The most common use for a capo is to change the key of a song, whilst still playing the same chord shapes. For each fret, the key of the song increases by a semitone. However, there is another and possibly more useful way to use a capo, which requires the key of the song to remain the same.
Why use a capo without changing keys?
There are two circumstances where it is useful to use a capo without changing keys.
Creating sound differentiation
When playing with multiple guitars it is important for each guitar has a different sound, otherwise it creates a very mushy sound. Using a capo to raise the pitch of a guitar’s open strings can be used to create the necessary differentiation. The key of the song must remain the same, so this means using a capo without changing the key of a song.
Access higher pitches
Fingerstyle guitarists may need to play specific notes, such as notes from the melody of a song. It can be difficult to keep the feel and flow whilst playing these notes, especially when they are higher up the fretboard. Adding a capo can make these notes easier to reach whilst still using open chord shapes. Again, in this scenario, a capo is used but the key does not change.
Where to place the capo?
When using a capo in this way the question of where to place the capo becomes an important consideration.
Create sound differentiation
To create sound differentiation, the goal is to use different chord voicings and cover a different range of notes.
Look at the two G chords above. The first is a standard open chord, the second is an E chord with a capo at the 3rd fret. Both chords cover exactly the same range of notes from bass to treble and play 4 of the same notes. The mix of open and fingered notes differs slightly, so this will create some differentiation.
Using a capo higher up the fretboard will create a further sound differentiation.
The chords above are both G major. The first is the standard open chord, the second us a D chord shape with a capo at the 5th fret. The higher the capo along the fretboard the more differentiation:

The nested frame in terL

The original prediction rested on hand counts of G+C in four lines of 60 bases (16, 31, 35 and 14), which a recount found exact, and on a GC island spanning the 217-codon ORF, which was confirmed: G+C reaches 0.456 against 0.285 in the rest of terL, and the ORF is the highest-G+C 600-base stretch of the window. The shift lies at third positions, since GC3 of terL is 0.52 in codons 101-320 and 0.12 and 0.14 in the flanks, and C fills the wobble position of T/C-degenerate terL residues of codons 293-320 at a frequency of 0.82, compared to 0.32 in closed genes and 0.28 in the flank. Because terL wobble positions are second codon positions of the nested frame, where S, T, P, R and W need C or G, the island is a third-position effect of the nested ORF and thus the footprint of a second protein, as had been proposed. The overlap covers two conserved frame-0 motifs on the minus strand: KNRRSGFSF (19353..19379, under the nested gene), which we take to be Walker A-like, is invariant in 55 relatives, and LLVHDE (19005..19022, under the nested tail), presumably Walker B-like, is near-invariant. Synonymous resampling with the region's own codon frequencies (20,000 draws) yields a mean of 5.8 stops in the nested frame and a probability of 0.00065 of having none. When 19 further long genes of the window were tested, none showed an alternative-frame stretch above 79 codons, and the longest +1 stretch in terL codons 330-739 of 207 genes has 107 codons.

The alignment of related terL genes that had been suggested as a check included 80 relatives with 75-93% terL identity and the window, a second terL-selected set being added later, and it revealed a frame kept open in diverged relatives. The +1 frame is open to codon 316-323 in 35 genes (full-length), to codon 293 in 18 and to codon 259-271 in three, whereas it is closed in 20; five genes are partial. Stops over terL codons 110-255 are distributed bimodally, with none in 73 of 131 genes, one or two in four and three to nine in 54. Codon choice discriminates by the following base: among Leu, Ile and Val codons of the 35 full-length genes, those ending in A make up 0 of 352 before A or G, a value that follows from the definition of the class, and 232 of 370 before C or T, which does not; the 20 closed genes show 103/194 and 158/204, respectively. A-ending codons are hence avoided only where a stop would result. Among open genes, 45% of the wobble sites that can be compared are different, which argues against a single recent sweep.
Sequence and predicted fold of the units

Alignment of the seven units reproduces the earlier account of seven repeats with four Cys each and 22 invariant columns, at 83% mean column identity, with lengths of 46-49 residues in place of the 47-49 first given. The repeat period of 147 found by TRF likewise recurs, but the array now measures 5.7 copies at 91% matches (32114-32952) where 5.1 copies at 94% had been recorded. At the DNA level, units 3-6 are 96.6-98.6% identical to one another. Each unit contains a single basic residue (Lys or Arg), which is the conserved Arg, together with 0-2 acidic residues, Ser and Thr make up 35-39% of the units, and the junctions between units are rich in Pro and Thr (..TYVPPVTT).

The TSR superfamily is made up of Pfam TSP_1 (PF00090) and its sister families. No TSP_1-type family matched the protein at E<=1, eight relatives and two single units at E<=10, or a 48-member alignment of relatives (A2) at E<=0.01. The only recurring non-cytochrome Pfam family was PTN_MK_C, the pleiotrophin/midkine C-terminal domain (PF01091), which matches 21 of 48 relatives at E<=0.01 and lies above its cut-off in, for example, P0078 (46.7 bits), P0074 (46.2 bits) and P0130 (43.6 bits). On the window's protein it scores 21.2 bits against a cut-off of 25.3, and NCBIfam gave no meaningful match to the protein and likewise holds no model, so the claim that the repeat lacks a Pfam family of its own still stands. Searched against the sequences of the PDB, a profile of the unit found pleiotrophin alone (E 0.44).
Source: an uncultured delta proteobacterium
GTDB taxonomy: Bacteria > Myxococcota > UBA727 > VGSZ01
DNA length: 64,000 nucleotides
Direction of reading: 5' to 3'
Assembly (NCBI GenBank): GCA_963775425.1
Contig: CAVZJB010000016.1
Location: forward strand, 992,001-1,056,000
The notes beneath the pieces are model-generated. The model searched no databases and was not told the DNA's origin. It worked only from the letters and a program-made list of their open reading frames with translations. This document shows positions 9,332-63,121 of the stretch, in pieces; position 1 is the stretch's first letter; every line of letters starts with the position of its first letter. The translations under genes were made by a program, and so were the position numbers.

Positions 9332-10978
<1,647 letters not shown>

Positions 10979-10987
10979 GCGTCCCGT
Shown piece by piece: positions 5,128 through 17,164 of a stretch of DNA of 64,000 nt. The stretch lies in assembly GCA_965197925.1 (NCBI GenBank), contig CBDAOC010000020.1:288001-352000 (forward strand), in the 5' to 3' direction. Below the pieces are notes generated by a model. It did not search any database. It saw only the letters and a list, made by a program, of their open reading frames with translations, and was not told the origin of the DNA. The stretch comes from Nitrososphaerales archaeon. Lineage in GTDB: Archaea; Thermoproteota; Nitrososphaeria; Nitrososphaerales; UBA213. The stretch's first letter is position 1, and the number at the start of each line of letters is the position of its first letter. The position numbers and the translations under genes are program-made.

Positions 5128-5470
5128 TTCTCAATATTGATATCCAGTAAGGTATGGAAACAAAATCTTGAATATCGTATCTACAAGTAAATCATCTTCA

- the shorter string length creates a tighter sound
- the note range is smaller
- the top note is a B, rather than a G
Access higher pitches
To access higher pitches, the accessible notes will be the key consideration of capo placement. Generally, the top 3 strings are used for melody notes. If the range of notes is an octave, then setting the capo so that the lowest note is the open 3rd string and the highest note is the 1st string 3rd fret should be a good location.
The image below shows the C Major Scale played with the capo at the 5th fret. If this position were used for fingerstyle playing, it would be possible to easily reach an octave of notes.
Reaching the notes above without a capo whilst also playing bass and harmony notes would be tricky. But with a capo it is significantly easier.
This is a very simplified answer, as many songs have more than an octave range. But that is a topic for another post.
Which chord shapes to play?
So, where to place the capo and which chords to use to play in the same key?
Each open chord shape can be played anywhere along the fretboard with a capo. An A chord shape played with a capo at the 3rd fret will have the same 3 notes as a standard C Chord. Even though it is an A chord shape, it has a C chord sound. Actually, it is possible to play a C chord with all 5 of the common chord shapes.
The following chords are all C major:
- C chord shape – no Capo
- A chord shape – 3rd fret Capo
- G chord shape – 5th fret Capo
- E chord shape – 8th fret Capo
- D chord shape – 10th fret Capo
OK, that’s all good to know, but wouldn’t it be easier if there were an easy to use reference source, which shows each key in every position? You’re in luck, I created one.
Learning how to use a capo to retain the original key is an important skill. It can help you to create differentiation in sound or simplify solo fingerstyle pieces. Using the Capo Chort Charts will help with the learning process.